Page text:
Busting Their Assets
Analysts Warn Automakers of Coming Climate-Change Risks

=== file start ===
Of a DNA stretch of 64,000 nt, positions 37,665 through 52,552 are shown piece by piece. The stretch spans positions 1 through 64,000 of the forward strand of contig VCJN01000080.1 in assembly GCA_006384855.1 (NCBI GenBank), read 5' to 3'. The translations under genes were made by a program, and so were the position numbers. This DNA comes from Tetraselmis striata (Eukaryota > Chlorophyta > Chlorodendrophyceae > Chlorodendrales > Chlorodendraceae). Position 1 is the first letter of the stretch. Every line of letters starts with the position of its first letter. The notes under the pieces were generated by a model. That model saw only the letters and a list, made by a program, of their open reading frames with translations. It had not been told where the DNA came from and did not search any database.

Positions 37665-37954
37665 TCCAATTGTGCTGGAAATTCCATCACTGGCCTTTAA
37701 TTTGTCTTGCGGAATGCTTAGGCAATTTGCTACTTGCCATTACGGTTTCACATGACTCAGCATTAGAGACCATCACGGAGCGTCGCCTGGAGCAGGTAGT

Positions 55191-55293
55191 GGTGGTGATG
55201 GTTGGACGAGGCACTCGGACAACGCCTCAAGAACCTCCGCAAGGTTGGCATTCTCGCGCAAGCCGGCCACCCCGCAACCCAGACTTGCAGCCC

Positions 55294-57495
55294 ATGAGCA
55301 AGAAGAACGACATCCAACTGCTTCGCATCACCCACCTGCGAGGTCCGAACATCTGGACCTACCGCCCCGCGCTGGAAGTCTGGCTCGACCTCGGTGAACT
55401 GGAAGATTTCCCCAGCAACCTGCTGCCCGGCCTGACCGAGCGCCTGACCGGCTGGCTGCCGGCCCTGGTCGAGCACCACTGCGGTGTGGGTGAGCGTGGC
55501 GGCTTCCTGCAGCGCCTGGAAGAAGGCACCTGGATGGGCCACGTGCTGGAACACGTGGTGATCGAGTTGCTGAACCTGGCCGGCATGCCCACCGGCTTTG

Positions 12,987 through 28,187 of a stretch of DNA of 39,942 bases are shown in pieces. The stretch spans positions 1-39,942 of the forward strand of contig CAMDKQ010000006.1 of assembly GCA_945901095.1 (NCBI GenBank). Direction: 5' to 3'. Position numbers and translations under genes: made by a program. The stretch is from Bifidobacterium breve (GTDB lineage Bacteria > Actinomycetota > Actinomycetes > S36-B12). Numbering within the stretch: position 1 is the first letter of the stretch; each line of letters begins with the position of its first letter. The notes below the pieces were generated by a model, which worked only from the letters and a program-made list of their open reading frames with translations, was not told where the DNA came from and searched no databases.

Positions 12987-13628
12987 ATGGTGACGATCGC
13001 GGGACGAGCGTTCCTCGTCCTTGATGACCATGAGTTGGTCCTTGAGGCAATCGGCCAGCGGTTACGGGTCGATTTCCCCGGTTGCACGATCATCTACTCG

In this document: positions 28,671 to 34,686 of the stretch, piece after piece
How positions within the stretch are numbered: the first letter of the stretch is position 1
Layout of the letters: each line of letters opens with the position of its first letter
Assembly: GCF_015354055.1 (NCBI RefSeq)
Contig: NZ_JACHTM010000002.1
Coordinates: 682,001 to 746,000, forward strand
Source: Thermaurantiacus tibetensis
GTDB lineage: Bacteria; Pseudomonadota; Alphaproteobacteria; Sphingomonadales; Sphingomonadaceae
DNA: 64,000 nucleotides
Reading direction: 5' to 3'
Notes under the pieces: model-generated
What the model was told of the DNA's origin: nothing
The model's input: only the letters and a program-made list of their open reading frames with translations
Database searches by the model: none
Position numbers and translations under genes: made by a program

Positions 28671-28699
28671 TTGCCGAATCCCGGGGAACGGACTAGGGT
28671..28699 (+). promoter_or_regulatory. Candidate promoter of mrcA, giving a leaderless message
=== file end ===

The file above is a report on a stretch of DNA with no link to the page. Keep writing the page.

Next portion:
If one thing catches the attention of a large corporation — actually, strike the “if” — it is the risk of declining profits. So it may be that U.S. automakers will have to take global warming seriously after all. A recent report from financial analysts at the investment group Sustainable Asset Management and the enviro-policy shop World Resources Institute claims that automakers in general, and Ford and General Motors in particular, are at risk from the “carbon intensity” of their operations. The analysts noted two trends: First is the growing worldwide pressure to cut carbon-dioxide emissions by raising fuel-economy standards, with regulations already underway in Europe, China, and California. The second is pressure inside the U.S. to reduce dependence on foreign energy sources (read: oil). While Honda and Toyota are well-placed to weather the storm, Ford and GM, with their market reliance on gas-guzzling light trucks, are not. Ford welcomed the report and pledged to put eco-friendliness top on their list of priorities; GM mostly kvetched.
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